There are many ways to look at the turmoil within the Bharatiya Janata Party (BJP). There is the “Indian” explanation: Having lost power, a round of recriminations and mud-slinging is inevitable. Then there is the “Bharat” versus “India” interpretation. The party’s leaders from rural areas are resisting the injection of a modernist outlook into the party.
Illustration: Jayachandran / Mint
Irrespective of what one may believe, it’s clear that the BJP can’t keep a business-as-usual outlook and hope to come back to power in New Delhi. It needs something else. Whatever that formula may be, the key task before the party is to reinvent itself as a conservative party. The Indian polity?has?ample space for such a party. The problem is that path is not traversed easily.
BJP president Rajnath Singh has said that Hindutva, the creation of a common civil code and the repeal of Article 370 of the Constitution formed the core of the party’s identity. Chasing them will not help the BJP. These are mere “facts”, What will happen once the BJP manages to achieve them? Will that mark the end of its political evolution? In any case, given the formidable legal and constitutional challenges involved in implementing them, they force many citizens to think that the party is not serious about its political outlook. The BJP needs a wider ideological arena if it is to escape from its present predicament.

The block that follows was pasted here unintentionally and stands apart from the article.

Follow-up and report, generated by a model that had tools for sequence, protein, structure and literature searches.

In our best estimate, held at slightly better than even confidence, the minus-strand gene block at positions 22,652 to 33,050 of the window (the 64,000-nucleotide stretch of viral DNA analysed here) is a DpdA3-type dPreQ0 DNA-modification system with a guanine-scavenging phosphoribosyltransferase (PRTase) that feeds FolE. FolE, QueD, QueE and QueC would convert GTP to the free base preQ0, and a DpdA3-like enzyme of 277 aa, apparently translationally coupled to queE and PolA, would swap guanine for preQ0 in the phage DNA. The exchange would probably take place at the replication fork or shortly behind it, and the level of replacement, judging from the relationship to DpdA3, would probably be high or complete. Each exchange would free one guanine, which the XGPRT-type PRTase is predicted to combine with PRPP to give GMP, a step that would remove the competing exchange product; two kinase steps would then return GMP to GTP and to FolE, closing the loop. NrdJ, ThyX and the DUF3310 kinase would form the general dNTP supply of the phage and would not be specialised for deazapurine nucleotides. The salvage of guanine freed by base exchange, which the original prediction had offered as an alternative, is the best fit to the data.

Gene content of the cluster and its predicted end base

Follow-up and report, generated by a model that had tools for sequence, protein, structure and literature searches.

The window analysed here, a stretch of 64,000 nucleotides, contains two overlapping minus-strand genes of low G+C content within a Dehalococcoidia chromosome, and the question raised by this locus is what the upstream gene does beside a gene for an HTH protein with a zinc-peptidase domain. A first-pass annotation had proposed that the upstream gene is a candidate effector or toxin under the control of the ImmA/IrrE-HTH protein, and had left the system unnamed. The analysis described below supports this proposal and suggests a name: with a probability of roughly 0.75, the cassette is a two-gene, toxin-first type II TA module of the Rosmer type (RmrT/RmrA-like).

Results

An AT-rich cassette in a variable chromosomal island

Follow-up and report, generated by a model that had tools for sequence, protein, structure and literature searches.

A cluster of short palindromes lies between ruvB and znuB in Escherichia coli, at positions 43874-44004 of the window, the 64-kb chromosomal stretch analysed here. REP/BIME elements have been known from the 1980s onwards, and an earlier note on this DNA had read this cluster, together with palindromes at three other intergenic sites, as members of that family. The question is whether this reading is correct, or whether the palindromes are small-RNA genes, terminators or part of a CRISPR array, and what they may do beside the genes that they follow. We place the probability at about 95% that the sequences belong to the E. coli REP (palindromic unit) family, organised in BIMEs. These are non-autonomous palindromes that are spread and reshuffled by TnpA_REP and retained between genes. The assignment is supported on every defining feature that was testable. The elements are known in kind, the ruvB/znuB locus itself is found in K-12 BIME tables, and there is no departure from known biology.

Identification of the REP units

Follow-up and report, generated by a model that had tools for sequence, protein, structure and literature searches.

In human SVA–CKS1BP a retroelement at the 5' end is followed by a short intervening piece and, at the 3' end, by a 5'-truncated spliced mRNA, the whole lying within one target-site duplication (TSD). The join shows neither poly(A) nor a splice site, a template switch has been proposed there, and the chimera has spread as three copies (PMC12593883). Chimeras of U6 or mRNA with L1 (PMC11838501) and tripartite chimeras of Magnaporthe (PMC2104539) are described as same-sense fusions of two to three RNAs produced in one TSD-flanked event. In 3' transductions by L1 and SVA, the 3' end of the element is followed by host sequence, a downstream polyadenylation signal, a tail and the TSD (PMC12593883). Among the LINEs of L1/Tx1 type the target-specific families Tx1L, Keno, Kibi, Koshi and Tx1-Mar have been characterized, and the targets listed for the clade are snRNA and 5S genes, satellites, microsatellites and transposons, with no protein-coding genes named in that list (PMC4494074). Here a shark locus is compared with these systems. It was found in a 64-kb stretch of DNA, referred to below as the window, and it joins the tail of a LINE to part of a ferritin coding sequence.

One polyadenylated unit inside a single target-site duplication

A constellation of factors prevented the emergence of durable political conservatism in India. After the trauma of Partition and Independence, the religious conservatism of the Rashtriya Swayamsevak Sangh variety struck deep roots. It did not help matters that the economic liberalism of the Swatantra Party did not gain ground. An additional factor at work was how the BJP defined itself. For example, its plank of “pseudo-secularism” was a negative image of Nehruvian secularism picked up to oppose the Congress. It was not an original, defining, feature.
The result of this history has been stagnation of a certain kind. Bereft of a coherent set of ideas, the BJP today can only rely on “anti-incumbency” and other electoral displeasures against the ruling coalition for success.
What now? The party needs other planks in addition to Hindutva. For example, there is a constituency now that favours economic liberalism (the Swatantra Party did not have that luxury): It needs a party that will espouse that cause. There are other elements to conservatism that are waiting to be explored.
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